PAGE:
Aditya Thyagarajan (South West), Clain Williams (Atlantic).
Manager: Imran Khan
Coach: Clayton Lambert
Physio: Akhtar “Chik” Masood Syed
National Team Selectors: Abrar Ahmad (North West), Mohammad Sunny Khan (Central East), Sew Shivnarine (New York).
Now, you can get all the USA Cricket updates via Facebook. Also follow us on Twitter via @dreamcricket
By Jamie Harrison
I’ve spent a lot of time talking and
writing about how to get kids playing cricket in America, and the
importance of taking the game to them while they are still in
I’ve discovered in the past few months is that I was not alone in my
view of things; in fact, it seems as if there were literally hundreds
of you who had the same idea, but were just waiting for someone to
raise a flag somewhere to rally around. For many of you, the USYCA has
become that flag, and for that I am deeply grateful.
As the USYCA has rapidly expanded, I am often asked for my broader view
of cricket development in America. In other words: “OK, so you teach
them the game while they’re young. Then what?” Sometimes, this question
disguises a deeper concern that the USYCA intends to replace or
supplant existing academies, clinics and youth leagues.
Nothing, of course, could be farther from the truth.
In my “cricket worldview,” I see the USYCA, academies, clinics, clubs
and youth teams as partners in a harmoniously synchronized process, by
which small children who know nothing about cricket become young adults
competing for spots on national teams. As I see it, everyone has a
specific, and very important role to play, and if the process fails at
any point along the way, the end objective is not met.
Let me explain.
The process I will describe can be separated into six unique stages,
each with its own place and clientele. If we try to cheat the system by
skipping stages, the result will usually be less than satisfying. On
the other hand, if we adhere tightly to the developmental process, we
will, with patience and in time, produce a generation of Americans that
can compete with, and win matches against, any nation in the world.
Here are the stages, described:
Stage 1 – Young children are introduced to a
low-intensity, fun-filled version of cricket in places such as
elementary schools, summer camps or public demonstrations. In this
stage, the emphasis is on teaching the simplest forms of the game, and
allowing the children to quickly play the game with very little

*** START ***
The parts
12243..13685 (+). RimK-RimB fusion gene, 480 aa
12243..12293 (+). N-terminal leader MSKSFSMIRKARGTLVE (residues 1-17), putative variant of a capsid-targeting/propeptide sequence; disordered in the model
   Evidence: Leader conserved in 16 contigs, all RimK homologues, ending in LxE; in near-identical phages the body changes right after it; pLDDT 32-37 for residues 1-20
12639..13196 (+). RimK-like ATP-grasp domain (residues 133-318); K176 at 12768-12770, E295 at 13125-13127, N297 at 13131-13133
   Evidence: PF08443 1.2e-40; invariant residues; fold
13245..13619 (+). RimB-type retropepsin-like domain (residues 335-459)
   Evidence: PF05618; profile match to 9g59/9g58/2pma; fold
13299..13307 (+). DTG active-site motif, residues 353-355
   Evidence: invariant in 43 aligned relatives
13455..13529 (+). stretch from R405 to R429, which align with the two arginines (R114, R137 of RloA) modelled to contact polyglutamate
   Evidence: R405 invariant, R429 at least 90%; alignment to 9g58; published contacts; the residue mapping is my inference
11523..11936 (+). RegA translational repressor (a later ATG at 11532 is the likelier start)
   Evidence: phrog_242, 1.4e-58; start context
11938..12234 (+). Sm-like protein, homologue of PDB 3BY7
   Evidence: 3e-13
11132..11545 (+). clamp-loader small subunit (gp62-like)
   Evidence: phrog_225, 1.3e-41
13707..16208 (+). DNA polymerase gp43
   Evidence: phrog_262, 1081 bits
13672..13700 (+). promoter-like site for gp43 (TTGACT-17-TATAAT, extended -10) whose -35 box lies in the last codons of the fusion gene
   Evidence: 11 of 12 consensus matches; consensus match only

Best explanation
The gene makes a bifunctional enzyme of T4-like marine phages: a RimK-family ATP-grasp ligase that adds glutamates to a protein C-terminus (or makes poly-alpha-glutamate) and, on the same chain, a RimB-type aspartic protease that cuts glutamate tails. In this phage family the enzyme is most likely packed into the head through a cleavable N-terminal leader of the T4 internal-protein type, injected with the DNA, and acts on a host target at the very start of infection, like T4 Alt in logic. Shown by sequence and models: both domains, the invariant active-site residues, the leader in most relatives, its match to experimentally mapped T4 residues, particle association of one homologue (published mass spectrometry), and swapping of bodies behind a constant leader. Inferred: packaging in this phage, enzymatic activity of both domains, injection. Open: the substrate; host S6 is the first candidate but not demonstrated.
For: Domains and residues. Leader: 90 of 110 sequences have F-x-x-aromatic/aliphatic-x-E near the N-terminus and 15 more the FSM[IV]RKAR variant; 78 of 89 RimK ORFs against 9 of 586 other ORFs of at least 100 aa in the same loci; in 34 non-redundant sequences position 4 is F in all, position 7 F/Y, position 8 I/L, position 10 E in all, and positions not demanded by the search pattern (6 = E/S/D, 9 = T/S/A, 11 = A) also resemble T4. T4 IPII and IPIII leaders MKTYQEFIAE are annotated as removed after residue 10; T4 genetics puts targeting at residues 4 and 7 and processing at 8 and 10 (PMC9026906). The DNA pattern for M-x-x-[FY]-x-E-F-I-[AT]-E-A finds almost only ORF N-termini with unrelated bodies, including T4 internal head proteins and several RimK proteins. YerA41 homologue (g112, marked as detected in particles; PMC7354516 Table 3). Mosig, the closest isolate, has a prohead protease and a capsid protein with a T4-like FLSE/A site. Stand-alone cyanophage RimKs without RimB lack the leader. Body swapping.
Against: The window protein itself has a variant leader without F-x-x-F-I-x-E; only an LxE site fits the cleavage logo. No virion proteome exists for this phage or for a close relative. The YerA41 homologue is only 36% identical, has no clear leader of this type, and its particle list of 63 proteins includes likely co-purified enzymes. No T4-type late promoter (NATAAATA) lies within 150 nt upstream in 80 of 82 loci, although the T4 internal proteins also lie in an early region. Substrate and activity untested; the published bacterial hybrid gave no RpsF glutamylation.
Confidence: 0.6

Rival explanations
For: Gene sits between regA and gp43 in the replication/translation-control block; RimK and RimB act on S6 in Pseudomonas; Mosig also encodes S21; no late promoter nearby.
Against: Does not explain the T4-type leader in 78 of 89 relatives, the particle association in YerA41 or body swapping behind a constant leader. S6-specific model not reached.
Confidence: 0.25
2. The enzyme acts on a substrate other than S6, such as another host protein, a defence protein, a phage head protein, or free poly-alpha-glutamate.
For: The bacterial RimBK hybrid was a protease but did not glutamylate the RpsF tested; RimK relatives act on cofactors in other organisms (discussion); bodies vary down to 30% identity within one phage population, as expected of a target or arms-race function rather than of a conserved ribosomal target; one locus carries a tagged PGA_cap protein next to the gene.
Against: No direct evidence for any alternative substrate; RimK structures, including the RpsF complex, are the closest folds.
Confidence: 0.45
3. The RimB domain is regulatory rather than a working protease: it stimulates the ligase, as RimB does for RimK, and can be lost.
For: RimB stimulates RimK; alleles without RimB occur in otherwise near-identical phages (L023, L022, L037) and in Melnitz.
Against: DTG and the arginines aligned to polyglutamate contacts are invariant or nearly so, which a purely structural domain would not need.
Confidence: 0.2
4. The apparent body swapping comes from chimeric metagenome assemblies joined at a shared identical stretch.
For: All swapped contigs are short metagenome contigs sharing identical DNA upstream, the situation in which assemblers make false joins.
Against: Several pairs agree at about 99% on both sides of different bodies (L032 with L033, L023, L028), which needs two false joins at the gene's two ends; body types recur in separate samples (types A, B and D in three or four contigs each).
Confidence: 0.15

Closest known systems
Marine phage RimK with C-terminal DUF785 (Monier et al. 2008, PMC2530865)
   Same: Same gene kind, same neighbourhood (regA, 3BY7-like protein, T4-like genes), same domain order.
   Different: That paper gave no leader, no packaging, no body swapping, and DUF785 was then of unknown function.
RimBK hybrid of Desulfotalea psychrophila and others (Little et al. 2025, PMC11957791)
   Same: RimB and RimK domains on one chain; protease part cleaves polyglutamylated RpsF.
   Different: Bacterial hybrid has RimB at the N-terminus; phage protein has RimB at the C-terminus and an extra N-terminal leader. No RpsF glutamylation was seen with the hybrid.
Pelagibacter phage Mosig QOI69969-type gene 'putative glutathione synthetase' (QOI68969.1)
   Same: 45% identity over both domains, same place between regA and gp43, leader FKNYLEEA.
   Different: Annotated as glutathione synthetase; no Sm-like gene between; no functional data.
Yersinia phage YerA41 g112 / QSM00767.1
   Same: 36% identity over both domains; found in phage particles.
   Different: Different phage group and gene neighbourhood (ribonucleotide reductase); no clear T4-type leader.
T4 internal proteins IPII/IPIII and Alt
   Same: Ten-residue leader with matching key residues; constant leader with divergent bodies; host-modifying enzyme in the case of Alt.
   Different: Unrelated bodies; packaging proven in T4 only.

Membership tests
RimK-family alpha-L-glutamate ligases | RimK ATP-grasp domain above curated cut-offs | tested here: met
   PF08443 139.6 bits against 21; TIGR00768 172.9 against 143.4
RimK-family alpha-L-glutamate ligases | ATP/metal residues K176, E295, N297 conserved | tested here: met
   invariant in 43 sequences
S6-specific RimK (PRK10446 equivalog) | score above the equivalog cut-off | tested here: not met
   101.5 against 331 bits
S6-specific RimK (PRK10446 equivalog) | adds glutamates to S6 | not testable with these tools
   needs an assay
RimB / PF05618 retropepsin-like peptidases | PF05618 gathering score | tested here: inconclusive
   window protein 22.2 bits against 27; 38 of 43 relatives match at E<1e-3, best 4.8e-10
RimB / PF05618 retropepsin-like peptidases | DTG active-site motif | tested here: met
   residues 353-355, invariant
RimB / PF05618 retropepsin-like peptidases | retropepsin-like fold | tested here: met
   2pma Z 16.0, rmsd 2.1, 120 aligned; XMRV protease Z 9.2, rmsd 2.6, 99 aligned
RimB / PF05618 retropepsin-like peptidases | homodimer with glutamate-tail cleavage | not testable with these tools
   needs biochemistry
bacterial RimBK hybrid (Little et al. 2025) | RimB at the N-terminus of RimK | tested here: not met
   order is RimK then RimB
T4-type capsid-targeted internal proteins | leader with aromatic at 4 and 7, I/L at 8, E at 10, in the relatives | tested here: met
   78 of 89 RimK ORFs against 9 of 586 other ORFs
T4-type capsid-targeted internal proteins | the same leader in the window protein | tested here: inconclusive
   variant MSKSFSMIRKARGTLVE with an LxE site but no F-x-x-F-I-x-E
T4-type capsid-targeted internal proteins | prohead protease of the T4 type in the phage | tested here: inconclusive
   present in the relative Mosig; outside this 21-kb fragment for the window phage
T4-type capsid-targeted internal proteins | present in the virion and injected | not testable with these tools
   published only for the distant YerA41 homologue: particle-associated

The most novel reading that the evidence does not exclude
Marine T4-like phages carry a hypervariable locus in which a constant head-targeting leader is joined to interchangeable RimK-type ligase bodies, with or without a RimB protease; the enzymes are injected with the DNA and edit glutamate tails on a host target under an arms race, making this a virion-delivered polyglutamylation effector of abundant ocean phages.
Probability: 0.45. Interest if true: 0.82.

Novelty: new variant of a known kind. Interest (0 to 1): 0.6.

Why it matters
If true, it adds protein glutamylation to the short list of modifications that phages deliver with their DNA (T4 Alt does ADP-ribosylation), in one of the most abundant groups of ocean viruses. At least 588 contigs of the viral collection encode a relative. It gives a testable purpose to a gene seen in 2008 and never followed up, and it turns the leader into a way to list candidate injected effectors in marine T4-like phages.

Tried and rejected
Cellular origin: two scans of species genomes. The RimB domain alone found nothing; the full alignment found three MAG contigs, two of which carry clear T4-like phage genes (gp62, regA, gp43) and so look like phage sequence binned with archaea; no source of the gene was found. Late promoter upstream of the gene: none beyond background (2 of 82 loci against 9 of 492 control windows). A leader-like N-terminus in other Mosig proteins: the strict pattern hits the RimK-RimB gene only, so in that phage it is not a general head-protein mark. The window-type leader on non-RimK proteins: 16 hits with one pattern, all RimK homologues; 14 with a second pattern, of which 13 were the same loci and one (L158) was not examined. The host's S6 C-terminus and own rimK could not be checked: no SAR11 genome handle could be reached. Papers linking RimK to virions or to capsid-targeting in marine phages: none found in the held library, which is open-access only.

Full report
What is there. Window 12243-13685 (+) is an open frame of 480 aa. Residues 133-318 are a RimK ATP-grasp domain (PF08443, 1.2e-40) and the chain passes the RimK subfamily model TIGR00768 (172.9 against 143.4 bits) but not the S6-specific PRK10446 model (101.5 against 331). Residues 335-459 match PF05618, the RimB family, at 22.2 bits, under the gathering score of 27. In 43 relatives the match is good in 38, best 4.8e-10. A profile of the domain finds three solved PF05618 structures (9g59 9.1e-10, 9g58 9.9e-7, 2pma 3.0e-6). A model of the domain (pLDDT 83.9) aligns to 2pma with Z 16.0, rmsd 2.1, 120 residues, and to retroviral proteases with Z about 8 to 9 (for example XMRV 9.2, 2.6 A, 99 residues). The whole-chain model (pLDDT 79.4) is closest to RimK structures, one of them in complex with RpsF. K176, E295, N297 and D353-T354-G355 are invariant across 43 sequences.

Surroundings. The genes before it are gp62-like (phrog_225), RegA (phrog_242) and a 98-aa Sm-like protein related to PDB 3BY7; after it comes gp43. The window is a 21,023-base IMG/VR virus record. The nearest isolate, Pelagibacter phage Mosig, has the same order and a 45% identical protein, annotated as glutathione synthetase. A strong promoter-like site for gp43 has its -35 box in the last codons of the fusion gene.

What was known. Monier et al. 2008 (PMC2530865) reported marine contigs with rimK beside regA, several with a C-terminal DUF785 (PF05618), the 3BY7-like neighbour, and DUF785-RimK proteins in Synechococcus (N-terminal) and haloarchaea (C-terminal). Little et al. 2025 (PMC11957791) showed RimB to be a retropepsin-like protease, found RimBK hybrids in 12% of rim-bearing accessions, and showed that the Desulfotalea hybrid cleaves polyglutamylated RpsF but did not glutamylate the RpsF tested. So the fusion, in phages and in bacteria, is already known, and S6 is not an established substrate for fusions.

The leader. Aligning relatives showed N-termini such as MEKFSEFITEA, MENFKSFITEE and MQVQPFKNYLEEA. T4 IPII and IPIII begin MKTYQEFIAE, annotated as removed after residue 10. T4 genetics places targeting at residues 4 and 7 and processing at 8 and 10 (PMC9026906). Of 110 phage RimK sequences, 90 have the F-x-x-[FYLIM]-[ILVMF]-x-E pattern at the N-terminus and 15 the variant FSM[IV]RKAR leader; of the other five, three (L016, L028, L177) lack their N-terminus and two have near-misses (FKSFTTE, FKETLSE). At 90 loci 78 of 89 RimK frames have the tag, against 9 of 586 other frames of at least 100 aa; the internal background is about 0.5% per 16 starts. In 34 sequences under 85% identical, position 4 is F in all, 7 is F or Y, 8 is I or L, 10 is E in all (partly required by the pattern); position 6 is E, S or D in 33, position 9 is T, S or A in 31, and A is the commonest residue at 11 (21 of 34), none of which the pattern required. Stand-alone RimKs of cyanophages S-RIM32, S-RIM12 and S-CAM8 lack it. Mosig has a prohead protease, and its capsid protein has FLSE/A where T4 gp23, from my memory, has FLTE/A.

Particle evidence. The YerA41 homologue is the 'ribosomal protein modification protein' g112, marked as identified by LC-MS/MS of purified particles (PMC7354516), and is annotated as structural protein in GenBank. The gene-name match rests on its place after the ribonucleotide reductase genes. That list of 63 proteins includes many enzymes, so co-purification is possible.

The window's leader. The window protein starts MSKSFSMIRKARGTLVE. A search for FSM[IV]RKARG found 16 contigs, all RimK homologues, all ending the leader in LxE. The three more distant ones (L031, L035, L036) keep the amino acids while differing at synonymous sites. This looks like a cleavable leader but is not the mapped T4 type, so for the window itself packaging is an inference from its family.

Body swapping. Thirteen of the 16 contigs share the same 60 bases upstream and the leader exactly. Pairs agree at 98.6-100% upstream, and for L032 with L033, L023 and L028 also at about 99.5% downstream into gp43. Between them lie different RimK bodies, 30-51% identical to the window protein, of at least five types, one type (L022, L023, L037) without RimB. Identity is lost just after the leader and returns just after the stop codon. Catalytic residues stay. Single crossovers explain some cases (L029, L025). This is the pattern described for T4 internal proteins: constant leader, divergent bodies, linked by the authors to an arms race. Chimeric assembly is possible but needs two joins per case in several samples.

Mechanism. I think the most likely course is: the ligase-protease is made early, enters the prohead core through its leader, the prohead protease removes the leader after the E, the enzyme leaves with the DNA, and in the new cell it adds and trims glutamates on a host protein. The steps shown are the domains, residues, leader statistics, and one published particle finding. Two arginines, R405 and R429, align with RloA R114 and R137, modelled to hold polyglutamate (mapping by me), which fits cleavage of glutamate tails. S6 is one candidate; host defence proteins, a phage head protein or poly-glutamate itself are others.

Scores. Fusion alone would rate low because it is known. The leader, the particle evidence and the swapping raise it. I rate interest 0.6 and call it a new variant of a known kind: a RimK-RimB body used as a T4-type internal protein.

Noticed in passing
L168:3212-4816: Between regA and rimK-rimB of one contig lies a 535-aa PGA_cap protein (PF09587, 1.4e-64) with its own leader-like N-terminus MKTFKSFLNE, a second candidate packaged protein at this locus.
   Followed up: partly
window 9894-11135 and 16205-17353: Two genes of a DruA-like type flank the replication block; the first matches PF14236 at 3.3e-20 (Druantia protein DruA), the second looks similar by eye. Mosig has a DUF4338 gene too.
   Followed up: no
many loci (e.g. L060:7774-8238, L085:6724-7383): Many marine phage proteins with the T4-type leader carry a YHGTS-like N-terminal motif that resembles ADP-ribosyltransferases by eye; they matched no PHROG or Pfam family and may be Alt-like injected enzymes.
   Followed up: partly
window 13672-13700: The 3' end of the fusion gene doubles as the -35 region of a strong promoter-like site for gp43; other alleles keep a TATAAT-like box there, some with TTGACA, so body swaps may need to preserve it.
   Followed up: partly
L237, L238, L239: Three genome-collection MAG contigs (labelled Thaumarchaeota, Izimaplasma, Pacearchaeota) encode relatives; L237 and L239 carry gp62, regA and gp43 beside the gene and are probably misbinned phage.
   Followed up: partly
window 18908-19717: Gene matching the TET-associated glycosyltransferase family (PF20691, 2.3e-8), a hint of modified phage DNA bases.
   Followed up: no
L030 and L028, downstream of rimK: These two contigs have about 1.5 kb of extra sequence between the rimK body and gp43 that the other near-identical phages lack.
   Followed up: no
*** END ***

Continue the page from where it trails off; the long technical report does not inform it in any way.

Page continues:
pressure or technical instruction. Here we nurture their love for
cricket by letting them enjoy it; in Stage 1, it’s all about the fun.
Stage 2 – Here children are formed into
community softball cricket leagues, where the fun can continue outside
of the limitations of gym class. By expanding the time when they can
play, we are allowed to do some rudimentary instruction and we can
devote more resources to nurturing not just their love for the game,
but also their understanding of it. It is in Stage 2 where some
children will begin to separate themselves from their peers, and many
of these children will yearn for something more challenging; these we
will channel toward local academies, indoor facilities and other
Stage 3 – This is where we will find our our
indoor training facilities and specialist coaching clinics. These are
the places where parents will bring their aspiring young cricketer to
learn the proper way to play a pull shot, to stump a batter or to bowl
with leg spin. Here the children will first put on their cricket armor
and stride clumsily into the nets, where, with the patient
encouragement of a dedicated coach, they will learn to be of value to
This is the stage where the hard, “nitty-gritty” work of cricket
development takes place. Here much sweat and frustration will be
invested, and trusting parents will spend many dollars. Here, the raw,
unskilled youngster will become the promising new talent of tomorrow.
Stage 3, then, is the factory floor where the raw material supplied by
Stages 1 and 2 become products ready for the finishing work of Stages 4
Stage 4 – Now our young prospect is finally
ready be placed on youth hardball teams, playing in youth hardball
leagues. This is a critical development, because we all know that there
is only so much coaching that is possible in the nets; much of what is
learned must be discovered under fire, in the lonely 22 yards that
rests between the wickets.
In Stage 4 we discover whether the promise that was displayed in
practice will be carried over into live matches; in Stage 4 we get to
see which players will be solid performers, which will be
disappointing, and yes, every now and again, which will be considered
as top prospects for our national teams. In Stage 4, as we watch
certain players execute to perfection, we begin to get excited.
Stage 5 – In this stage, the most talented
young players compete for, and are selected to, regional and national
youth teams. Here, the kid we’ve “had our eye on” since the age of
eight is selected to represent his country against the world’s best
youth players. This stage also continues, and elevates, the coaching
continuum that our youngster has been receiving; now, as a member of a
regional or national squad, the player receives the absolute best
coaching that is available to someone at that age.
In Stage 5, the United States begins to reap the rewards for all of the
time, hard work and dedication put forward in Stages 1-4. Those who
aren’t selected for a regional or national team will continue to play
for local clubs as they pursue their dream, or simply their passion.
Stage 6 – And now, at last, we get the big